Even though you’re not covered by the Australian Consumer Law, you are still covered by the general law of contract.  This is because when you buy goods or services through a private sale, you are making a contract with the other person. The law says that the seller must follow the contract by providing you with the item you have purchased. So, there are things you can do if the thing you bought isn’t what the seller told you it was.  Here are the steps:

Step 1: Contact the seller

Send an email, text message or call the seller and politely explain your position.   It is a good idea to have a responsible adult around to help you.

  • Make sure that all communications you send to the seller are polite and friendly.  If the situation gets worse, you need to be able to show that you were calm and reasonable.
  • It is a good idea to make sure you do not communicate with the seller too frequently, or at an unreasonable time of day (if you are calling or texting the seller). 
  • It’s important that you keep a copy of all text messages, emails, and notes from phone calls with the date and time.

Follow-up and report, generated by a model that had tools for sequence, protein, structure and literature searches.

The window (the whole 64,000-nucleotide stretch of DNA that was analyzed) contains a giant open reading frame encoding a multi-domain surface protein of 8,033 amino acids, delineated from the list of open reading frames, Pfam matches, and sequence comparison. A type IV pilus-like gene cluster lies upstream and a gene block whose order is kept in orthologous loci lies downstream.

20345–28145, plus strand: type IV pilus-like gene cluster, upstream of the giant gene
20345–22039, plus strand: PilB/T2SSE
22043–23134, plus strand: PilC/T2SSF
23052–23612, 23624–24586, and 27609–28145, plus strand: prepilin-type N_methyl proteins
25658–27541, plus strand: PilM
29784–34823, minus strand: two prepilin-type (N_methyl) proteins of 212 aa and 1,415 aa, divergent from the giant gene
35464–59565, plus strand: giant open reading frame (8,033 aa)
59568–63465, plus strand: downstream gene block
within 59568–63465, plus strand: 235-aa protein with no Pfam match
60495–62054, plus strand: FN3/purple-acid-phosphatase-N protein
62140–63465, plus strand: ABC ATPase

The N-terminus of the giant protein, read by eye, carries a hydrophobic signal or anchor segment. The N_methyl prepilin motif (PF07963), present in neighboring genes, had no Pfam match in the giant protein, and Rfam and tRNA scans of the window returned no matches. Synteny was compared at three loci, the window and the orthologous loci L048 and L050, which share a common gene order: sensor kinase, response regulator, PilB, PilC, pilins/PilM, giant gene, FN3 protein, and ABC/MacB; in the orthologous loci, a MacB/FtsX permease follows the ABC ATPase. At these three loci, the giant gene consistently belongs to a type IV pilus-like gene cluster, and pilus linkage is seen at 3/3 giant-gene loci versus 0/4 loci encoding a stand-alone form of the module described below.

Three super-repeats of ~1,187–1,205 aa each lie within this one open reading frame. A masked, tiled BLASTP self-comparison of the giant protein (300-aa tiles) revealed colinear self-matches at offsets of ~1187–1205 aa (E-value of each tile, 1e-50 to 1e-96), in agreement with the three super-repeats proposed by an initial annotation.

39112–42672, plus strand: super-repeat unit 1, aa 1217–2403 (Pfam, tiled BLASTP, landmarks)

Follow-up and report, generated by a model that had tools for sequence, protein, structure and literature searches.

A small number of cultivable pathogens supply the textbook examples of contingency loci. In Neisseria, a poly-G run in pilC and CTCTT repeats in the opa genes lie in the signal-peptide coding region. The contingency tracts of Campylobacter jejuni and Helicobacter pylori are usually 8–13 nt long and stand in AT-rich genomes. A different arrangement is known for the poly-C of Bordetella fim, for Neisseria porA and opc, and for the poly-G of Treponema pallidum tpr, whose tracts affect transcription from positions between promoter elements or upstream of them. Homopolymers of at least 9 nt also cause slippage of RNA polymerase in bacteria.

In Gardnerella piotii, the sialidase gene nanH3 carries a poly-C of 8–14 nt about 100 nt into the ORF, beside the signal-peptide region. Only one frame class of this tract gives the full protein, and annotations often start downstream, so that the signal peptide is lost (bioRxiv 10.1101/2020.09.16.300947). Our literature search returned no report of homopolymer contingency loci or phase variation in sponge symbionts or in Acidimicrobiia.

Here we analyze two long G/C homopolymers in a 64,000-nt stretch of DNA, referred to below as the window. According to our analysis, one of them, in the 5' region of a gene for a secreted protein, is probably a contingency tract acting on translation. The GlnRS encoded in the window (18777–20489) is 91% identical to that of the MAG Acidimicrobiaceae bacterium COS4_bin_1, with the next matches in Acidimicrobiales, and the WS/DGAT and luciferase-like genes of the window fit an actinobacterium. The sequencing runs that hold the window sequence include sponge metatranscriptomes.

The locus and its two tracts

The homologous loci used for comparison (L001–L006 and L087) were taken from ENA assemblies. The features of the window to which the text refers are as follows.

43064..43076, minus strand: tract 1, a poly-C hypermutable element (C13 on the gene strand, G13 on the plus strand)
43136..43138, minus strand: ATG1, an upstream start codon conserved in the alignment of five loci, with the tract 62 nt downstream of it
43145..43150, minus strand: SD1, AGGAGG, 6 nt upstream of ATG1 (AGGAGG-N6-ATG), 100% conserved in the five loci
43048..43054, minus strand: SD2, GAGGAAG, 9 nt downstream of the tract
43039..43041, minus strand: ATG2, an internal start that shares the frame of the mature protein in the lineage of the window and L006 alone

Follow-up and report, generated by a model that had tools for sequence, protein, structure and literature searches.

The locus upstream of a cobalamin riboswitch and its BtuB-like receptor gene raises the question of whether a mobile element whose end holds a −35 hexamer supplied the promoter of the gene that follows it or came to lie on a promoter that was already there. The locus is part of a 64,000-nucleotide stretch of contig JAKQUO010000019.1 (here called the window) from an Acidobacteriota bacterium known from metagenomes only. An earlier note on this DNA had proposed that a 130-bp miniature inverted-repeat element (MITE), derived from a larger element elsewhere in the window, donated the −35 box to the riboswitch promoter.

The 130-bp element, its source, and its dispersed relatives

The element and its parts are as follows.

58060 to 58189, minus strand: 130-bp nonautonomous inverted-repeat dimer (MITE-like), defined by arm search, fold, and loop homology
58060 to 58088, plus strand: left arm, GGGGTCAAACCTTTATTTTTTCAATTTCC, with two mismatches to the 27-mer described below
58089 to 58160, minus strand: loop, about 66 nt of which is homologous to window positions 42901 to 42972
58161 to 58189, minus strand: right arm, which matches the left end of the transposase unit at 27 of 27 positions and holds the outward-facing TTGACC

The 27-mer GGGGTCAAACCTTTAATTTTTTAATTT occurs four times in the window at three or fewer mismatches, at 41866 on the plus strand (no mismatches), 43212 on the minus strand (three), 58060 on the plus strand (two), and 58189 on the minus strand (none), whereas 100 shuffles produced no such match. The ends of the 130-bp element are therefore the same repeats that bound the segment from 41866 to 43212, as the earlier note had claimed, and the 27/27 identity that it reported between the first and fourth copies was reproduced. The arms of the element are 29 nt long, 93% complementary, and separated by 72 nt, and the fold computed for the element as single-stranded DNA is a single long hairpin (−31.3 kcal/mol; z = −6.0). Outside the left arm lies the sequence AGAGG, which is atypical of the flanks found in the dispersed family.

Step 2: Report to Gumtree

If the seller has been fraudulent and lied about what they were giving you, you can report it to Gumtree, but they will probably tell you to go and talk to the police   You can report to Gumtree at https://www.gumtree.com.au/scam-security-centre/report-issue and send through all the information you have about the ad (including the ad number, if you have it) and/or the email address of the seller so that Gumtree can look into it.

Step 3: Dispute the charge

If you have paid through PayPal or a credit card, lodge a dispute with PayPal or your bank. If the seller continues to refuse to refund the money, you can lodge a dispute with PayPal at https://www.PayPal.com/au/selfhelp/topic/INFORMATION-ON-CLAIMS-AND-DISPUTES

Step 4: Get legal advice about suing the seller

If you buy something at a meet up or on Gumtree and it doesn’t work as the seller promised, you may be able to take legal action against the person in your local small claims court or a consumer tribunal.  To find out more about this, contact the Legal Aid Office in your state or territory.

Keep in mind that there are tight time limits for suing someone, so you should speak to a lawyer as soon as possible!  

Sometimes the agreements are for a small value and you need to think about whether it's worthwhile to bother with legal action. You may not know the name or contact details of the person/people you bought from. However even if you don't want to go to court, a lawyer at Legal Aid may be able to write a letter to the seller convincing him to send you the item or give you your money back.

Step 5: Report to police